Deeptech/Opinion/

It’s not deeptech. The new asset class VCs need to look at is science equity

Science equity is different from investing in deeptech. These companies are not digital, but created in the lab.

Almudena Trigo, general partner at BeAble Capital
Almudena Trigo

By Almudena Trigo

More VCs are investing in companies using cutting-edge digital technologies like AI, blockchain or cybersecurity. These companies are usually categorised as deeptech. 

But deeptech is much more than that. VCs need a new term to describe a sector that’s similar, but not quite the same: science equity. As opposed to deeptech,  science equity is not digital. It is rooted in industrial technologies, also called deep science, and involves fields like nanotechnology, material science, photonics, industrial biotech and quantum computing. 

Another important difference is that science equity investments are focused on the pre-seed, seed and early stages. So earlier than venture capital. 

The lack of a digital element can be off-putting for VCs (no apps, shock!), but these are the companies investors should be backing. Why? Because these are the companies that have the potential to generate the most disruptive innovation and solve some of the enormous challenges facing humanity. 

The state of science equity

These startups will be vital for renewing Europe’s industrial base — IP-intensive industries account for 45% of the EU’s GDP and 93% of exports. Science equity will also be key to reaching the UN’s 2030 sustainability goals because of the fundamental technological innovation needed to transition to a post-carbon society. For example, technologies to upcycle waste or capture CO2, or new and more efficient ways of energy generation or storage.

The European Commission understands their importance, and the EU and public investors in various countries are generally good at backing science-based startups. There are a few private investors active in Europe as well, including my fund, BeAble Capital, as well as Innovation Industries, Cottonwood, Venture Factory, Mito and Eureka.

And there are already examples of successful science equity companies with their roots in Europe. Cellink (now BiCo Group), the bioprinting company founded in Sweden whose technology makes it possible to print tissues such as skin, liver and cartilage, is the first science equity unicorn funded by the European Innovation Council. 

Other good examples in Europe are Spain’s Fractus, a pioneer in internal antennas for smartphones. There’s also Skeleton Technologies, the Estonian ultracapacitor startup that’s trying to solve some of the challenges of energy storage in the transportation, grid and renewable industries.

Where the bottlenecks are

To really develop, however, the sector needs to get more limited partners (LPs) backing science equity VCs. Those include private institutional investors like sovereign wealth funds, funds of funds and pension funds with deep pockets and long investment horizons to support the hundreds of millions of dollars and many years required to scale these companies. 

But these investors are often quite conservative and don’t understand the specifics of science equity. Let’s not forget that we are talking about deep science and early phases, an interesting combination!

Often when I begin speaking to investors about issues like tech transfer, I lose them. Coining the term “science equity” would be helpful in giving people a shorthand for talking about these types of companies and a framework for understanding them.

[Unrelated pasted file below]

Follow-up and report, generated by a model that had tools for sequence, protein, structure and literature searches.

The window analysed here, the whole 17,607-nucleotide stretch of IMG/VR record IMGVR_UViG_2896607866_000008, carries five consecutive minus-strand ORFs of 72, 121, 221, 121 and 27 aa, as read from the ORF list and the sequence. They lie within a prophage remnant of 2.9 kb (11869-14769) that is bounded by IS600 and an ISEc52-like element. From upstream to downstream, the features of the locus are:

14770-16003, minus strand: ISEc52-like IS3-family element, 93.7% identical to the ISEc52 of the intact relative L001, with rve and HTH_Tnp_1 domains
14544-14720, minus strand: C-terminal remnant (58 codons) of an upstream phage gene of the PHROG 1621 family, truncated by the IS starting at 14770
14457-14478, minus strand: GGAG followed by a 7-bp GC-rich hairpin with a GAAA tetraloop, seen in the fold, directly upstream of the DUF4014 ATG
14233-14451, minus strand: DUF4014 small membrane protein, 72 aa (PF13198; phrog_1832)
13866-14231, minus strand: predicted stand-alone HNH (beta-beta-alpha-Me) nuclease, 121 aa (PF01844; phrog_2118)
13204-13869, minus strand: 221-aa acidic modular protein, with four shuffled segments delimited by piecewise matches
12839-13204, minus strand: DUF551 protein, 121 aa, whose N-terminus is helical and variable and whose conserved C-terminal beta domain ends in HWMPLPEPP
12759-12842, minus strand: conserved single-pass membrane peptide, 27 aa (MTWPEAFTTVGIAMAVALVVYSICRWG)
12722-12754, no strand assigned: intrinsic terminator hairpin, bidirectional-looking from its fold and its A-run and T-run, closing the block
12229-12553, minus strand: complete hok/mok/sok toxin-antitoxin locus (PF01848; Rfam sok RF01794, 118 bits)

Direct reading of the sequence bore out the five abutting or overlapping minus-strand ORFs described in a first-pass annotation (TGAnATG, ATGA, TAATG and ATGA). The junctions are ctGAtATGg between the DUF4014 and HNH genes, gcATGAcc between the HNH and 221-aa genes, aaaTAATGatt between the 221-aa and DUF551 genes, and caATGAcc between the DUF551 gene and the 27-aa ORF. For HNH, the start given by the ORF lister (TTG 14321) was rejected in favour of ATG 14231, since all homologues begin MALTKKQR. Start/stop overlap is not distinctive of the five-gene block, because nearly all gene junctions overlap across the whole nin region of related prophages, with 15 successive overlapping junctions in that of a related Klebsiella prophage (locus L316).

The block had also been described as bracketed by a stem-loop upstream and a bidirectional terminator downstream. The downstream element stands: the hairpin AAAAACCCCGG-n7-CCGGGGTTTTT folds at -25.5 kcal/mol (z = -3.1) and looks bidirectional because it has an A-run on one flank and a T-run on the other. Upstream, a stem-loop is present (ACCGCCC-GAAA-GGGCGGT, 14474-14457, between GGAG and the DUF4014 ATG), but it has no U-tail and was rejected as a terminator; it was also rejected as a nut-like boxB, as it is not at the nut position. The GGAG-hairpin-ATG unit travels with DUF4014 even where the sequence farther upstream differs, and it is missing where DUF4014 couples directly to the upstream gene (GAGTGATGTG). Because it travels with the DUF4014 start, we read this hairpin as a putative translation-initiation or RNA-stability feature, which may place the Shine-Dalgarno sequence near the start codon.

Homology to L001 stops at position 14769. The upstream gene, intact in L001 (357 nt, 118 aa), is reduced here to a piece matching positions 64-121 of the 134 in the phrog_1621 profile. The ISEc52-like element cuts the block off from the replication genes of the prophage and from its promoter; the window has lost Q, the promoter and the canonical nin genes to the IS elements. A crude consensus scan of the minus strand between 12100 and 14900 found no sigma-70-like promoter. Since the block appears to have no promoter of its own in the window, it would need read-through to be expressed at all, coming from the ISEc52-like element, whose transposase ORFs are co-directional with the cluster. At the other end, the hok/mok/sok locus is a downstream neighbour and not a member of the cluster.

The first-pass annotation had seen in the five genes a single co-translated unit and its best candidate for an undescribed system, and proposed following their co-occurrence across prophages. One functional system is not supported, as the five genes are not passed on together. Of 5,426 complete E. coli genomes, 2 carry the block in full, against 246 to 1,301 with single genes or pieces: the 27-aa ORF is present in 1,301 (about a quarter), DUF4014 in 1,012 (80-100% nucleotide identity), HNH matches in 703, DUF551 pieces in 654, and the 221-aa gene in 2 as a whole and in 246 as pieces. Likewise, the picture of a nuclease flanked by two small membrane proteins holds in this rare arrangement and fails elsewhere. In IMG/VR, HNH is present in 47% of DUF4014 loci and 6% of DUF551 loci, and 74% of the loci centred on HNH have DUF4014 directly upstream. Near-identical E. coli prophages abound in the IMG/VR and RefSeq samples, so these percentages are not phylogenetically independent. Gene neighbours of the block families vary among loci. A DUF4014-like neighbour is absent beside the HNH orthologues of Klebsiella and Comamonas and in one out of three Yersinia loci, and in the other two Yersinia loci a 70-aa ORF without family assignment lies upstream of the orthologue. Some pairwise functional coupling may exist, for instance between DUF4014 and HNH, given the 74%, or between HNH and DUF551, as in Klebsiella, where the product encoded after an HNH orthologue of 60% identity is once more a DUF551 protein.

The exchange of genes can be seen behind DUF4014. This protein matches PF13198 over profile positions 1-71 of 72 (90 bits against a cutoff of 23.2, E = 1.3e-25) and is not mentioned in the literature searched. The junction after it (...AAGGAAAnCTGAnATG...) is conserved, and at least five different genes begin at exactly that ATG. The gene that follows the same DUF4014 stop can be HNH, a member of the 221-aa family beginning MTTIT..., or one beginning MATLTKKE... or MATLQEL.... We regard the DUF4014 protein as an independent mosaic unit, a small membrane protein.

Investors (as in general partners) themselves need to be prepared to give these companies support that’s different to traditional or digital VC portfolio companies. They are usually born in a research lab, and investor support and advice on building a business around this “scientific core” is crucial. That can include developing human resources, creating the minimum viable product, working with first customers and getting market traction. 

That means we need specialised science equity funds (and specialised GPs). If science equity funds come in even before generalist VC funds, they can help those generalist funds understand the particularities of the  sector.  

We also need larger science equity funds. Most funds targeting this asset class are about €50m. These are still too small for the kinds of big money that the sector needs to be able to invest. 

A sign of what’s possible

A few global companies are already showing the potential of this new category. For example, Cottonwood Technology Fund, which operates out of the US and the Netherlands, had a big win when US robotics company Sarcos listed on Nasdaq via a Spac. This investment was done by Cottonwood’s US team — European science equity investments have not yet developed this far. But it is a sign of what is possible.   

Almudena Trigo is the founding partner and chairwoman of BeAble Capital, a Madrid-based venture capital firm investing in science equity. 

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Greg Watson
Greg Watson

Almudena raises a really important set of questions. Science and engineering based technologies are crucial for long term progress but they do not fit investor models. Ways need to be found to accelerate development times, especially if the 2030 SDG goals are to be met. Many important technologies have suffered because investors have focused on quicker to exploit digital opportunities The term “deep tech” was coined in 2014 by Propel(x) (I believe) and is used by part of the investment community. However, as Almudena says even this term has been taken over by digital. I often get questioned when I… Read more »